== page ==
A physical activity tracker combines today’s technology with yesterday’s playtime, encouraging children to adopt healthier lifestyles
Story by Liz DeRuyter | Photos by Gary Matoso and Steven Navratil
Red Rover, Red Rover, send Jimmy right over.
Remind you of anything? For many of us, these were among the familiar chants of our youth, echoed across playgrounds and backyards during school recesses and summer vacations. We had an ever-ready collection of fun activities that friends could play at the drop of a hat, indoors or out, and all day if our parents and teachers allowed it.
It’s not really so different today, just that the games most kids play are video games and the friends are online. Competition is alive and well, but in today’s world, it is often the fastest thumb that wins. Not much physical activity is required.
So why not combine today’s technology with old-school activities and see if we can get young people moving again?
“That’s the idea behind Sqord,” explains Elaine Couture, chief executive at Providence Health Care. “We wanted to use the technology that kids love in a way that makes them want to move.”
A Family That Sqords Together
The Sqord activity program for elementary school students in Spokane and Stevens counties has had unanticipated rewards that extend well beyond the classroom.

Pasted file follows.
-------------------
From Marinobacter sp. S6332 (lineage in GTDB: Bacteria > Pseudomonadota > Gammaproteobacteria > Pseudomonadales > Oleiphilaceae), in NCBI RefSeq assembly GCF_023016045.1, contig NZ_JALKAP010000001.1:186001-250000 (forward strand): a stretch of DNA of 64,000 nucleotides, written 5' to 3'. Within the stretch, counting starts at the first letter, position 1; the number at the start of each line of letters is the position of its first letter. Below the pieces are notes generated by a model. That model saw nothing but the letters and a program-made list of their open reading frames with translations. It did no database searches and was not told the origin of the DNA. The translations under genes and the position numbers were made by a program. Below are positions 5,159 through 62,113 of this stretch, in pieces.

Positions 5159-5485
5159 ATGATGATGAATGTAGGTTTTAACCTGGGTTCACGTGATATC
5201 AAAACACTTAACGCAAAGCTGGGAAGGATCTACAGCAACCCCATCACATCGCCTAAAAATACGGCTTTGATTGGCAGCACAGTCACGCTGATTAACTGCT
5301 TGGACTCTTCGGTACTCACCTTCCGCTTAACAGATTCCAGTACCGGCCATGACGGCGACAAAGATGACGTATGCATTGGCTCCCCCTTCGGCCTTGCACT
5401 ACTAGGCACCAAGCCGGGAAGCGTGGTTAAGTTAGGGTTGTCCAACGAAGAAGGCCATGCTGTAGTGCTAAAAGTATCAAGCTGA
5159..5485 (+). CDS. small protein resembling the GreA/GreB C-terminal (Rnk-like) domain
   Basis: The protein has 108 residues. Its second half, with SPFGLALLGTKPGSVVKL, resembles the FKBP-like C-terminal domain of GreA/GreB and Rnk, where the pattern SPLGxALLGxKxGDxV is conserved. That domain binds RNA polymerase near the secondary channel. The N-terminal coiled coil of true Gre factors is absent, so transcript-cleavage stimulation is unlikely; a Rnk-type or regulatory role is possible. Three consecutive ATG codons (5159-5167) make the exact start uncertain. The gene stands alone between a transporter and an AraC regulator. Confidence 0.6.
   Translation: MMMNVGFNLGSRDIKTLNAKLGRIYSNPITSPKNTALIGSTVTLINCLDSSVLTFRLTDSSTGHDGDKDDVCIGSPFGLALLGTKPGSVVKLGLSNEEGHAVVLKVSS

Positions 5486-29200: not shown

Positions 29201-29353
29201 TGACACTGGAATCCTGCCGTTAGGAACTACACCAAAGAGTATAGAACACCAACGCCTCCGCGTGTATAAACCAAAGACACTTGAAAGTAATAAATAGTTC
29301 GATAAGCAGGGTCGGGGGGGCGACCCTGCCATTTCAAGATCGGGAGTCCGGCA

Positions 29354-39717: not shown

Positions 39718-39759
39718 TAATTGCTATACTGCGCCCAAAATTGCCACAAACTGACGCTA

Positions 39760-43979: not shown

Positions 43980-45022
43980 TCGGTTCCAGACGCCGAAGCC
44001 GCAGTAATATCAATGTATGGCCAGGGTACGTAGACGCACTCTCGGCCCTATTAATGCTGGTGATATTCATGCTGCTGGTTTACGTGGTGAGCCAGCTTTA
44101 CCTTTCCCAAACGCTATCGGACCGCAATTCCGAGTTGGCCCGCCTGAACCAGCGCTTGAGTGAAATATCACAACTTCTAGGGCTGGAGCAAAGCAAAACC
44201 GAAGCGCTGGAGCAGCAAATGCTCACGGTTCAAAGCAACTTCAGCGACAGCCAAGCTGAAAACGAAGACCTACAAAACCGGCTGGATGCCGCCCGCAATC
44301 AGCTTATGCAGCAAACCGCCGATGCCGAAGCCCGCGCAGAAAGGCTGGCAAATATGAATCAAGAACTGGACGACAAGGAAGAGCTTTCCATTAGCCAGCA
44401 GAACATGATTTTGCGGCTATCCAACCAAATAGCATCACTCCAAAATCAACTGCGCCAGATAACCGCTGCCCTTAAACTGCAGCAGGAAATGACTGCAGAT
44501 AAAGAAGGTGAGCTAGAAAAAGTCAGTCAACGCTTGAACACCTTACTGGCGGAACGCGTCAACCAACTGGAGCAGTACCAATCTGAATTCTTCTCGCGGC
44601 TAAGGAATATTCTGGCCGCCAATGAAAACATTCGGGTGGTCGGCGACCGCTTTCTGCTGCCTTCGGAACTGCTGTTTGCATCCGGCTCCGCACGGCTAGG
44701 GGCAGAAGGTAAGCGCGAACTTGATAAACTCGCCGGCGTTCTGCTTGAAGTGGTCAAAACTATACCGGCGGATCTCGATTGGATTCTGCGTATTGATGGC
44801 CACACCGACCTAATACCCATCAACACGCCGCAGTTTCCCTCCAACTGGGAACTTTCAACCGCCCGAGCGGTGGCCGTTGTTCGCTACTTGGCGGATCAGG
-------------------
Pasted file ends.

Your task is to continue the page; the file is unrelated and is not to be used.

“When my daughter was given a Sqord, I quickly realized I wanted one as well,” says Pamela Starbuck, whose daughter Eliana is a student at Jefferson Elementary. Pamela bought Sqord trackers for herself and her younger daughter so the three could enjoy family competition.
“My mom’s in third place,” Eliana shares. “She has more points than Mrs. Goodey.” (Sarah Goodey is a fitness and health specialist with Spokane Public Schools.)
“My daughters defi nitely come home from school sweatier than before the Sqord project,” Pamela says. “They are naturally early risers, but now they get extra points for dressing and straightening up the house before school.”
Healthy doses of exercise have become part of the family’s routine. Eliana’s father, Scott, is an avid Sqord supporter and has taken up distance cycling as part of his fitness regimen. “We’re making activity a family goal and encouraging each other,” Pamela says. “We even became a one-car family and now walk whenever possible.”
How the Program Works
Kids wear an activity tracker called a Sqord (pronounced “scored”) on their wrist or ankle. It is similar to a pedometer, with added kid appeal.
The tracker, which is waterproof and otherwise kid-proof, measures the intensity of the wearer’s activity and converts play into points. For example, a minute of jumping jacks scores higher than tapping feet at a desk. All activity counts, even washing dinner dishes, so long as there is movement.
Meanwhile, participants use a kid-safe app to create their own PowerMe character, a personalized online cartoon icon, or avatar. Then, when they sync their activity tracker with the app, their avatar accrues activity points that are paid out in “sqoins.” They use sqoins to upgrade their avatar, and compete with friends and classmates for bragging rights.